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Education and saving:: The long-term effects of high school financial curriculum mandates

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  • Bernheim, B. Douglas
  • Garrett, Daniel M.
  • Maki, Dean M.

Abstract

Over the last forty years, the majority of states have adopted consumer education policies, and a sizable minority have specifically mandated that high school students receive instruction on topics related to household financial decision-making (budgeting so forth). In this paper, we attempt to determine whether the curricula arising from these mandates have had any discernable effect on adult decisions regarding saving. Using a unique household survey, we exploit the variation in requirements both across states and over time to identify the effects of interest. The evidence indicates that mandates have significantly raised both exposure to financial curricula and subsequent asset accumulation once exposed students reached adulthood. These effects appear to have been gradual rather than immediate -- a probable reflection of implementation lags.

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Bibliographic Info

Article provided by Elsevier in its journal Journal of Public Economics.

Volume (Year): 80 (2001)
Issue (Month): 3 (June)
Pages: 435-465

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Handle: RePEc:eee:pubeco:v:80:y:2001:i:3:p:435-465

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Web page: http://www.elsevier.com/locate/inca/505578

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References

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  1. Bernheim, B.D. & Scholz, J.K., 1992. "Private Saving and Public Policy," Working papers 9226, Wisconsin Madison - Social Systems.
  2. Janet Currie & Duncan Thomas, 1993. "Does Head Start Make a Difference?," NBER Working Papers 4406, National Bureau of Economic Research, Inc.
  3. Robert L. Clark & Sylvester J. Schieber, . "Factors Affecting Participation Rates and Contribution Levels in 401(k) Plans," Pension Research Council Working Papers 96-8, Wharton School Pension Research Council, University of Pennsylvania.
  4. Joshua D. Angrist & Alan B. Krueger, 1990. "Does Compulsory School Attendance Affect Schooling and Earnings?," NBER Working Papers 3572, National Bureau of Economic Research, Inc.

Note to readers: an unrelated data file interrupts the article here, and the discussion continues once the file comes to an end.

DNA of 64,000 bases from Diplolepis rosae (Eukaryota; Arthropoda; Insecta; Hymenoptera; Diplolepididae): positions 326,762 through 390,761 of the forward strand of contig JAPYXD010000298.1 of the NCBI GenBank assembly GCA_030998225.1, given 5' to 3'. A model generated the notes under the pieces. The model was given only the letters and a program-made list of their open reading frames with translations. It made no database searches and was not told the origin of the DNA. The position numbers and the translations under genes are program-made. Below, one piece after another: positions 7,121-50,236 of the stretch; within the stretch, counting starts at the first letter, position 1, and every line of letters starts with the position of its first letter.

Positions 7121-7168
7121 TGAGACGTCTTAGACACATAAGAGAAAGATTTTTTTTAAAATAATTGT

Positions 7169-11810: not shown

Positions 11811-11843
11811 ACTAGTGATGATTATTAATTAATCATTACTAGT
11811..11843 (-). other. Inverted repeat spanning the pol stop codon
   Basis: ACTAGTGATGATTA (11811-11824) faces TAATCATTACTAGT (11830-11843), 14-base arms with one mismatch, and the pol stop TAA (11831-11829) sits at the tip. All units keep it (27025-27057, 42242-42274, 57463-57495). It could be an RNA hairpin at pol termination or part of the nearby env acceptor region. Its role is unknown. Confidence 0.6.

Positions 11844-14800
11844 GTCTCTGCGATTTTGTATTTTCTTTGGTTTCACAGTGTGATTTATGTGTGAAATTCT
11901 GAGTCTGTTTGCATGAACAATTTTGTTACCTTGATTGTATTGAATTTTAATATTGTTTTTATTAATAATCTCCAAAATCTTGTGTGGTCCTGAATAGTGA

5. James M. Poterba & Steven F. Venti & David A. Wise, 1996. "How Retirement Saving Programs Increase Saving," Journal of Economic Perspectives, American Economic Association, vol. 10(4), pages 91-112, Fall.
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  7. B. Douglas Bernheim & Daniel M. Garrett, 1996. "The Determinants and Consequences of Financial Education in the Workplace: Evidence from a Survey of Households," NBER Working Papers 5667, National Bureau of Economic Research, Inc.
  8. R. Glenn Hubbard & Jonathan S. Skinner, 2009. "Assessing the Effectiveness of Saving Incentives," Books, American Enterprise Institute, number 24067, 9.
  9. Joshua Angrist & Alan Krueger, 1993. "Split Sample Instrumental Variables," Working Papers 699, Princeton University, Department of Economics, Industrial Relations Section..
  10. B. Douglas Bernheim, 1999. "Taxation and Saving," NBER Working Papers 7061, National Bureau of Economic Research, Inc.
  11. David Card, 1994. "Earnings, Schooling, and Ability Revisited," Working Papers 710, Princeton University, Department of Economics, Industrial Relations Section..
  12. Douglas D. Bernheim, . "Financial Illiteracy, Education, and Retirement Saving," Pension Research Council Working Papers 96-7, Wharton School Pension Research Council, University of Pennsylvania.
  13. Patrick J. Bayer & B. Douglas Bernheim & John Karl Scholz, 1996. "The Effects of Financial Education in the Workplace: Evidence from a Survey of Employers," NBER Working Papers 5655, National Bureau of Economic Research, Inc.
  14. Ashenfelter, Orley C, 1978. "Estimating the Effect of Training Programs on Earnings," The Review of Economics and Statistics, MIT Press, vol. 60(1), pages 47-57, February.
  15. LaLonde, Robert J, 1986. "Evaluating the Econometric Evaluations of Training Programs with Experimental Data," American Economic Review, American Economic Association, vol. 76(4), pages 604-20, September.
  16. Angrist, Joshua D & Krueger, Alan B, 1995. "Split-Sample Instrumental Variables Estimates of the Return to Schooling," Journal of Business & Economic Statistics, American Statistical Association, vol. 13(2), pages 225-35, April.
  17. B. Douglas Bernheim, 1996. "Rethinking Saving Incentives," Working Papers 96009, Stanford University, Department of Economics.
  18. Hoxby, Caroline Minter, 1996. "How Teachers' Unions Affect Education Production," The Quarterly Journal of Economics, MIT Press, vol. 111(3), pages 671-718, August.
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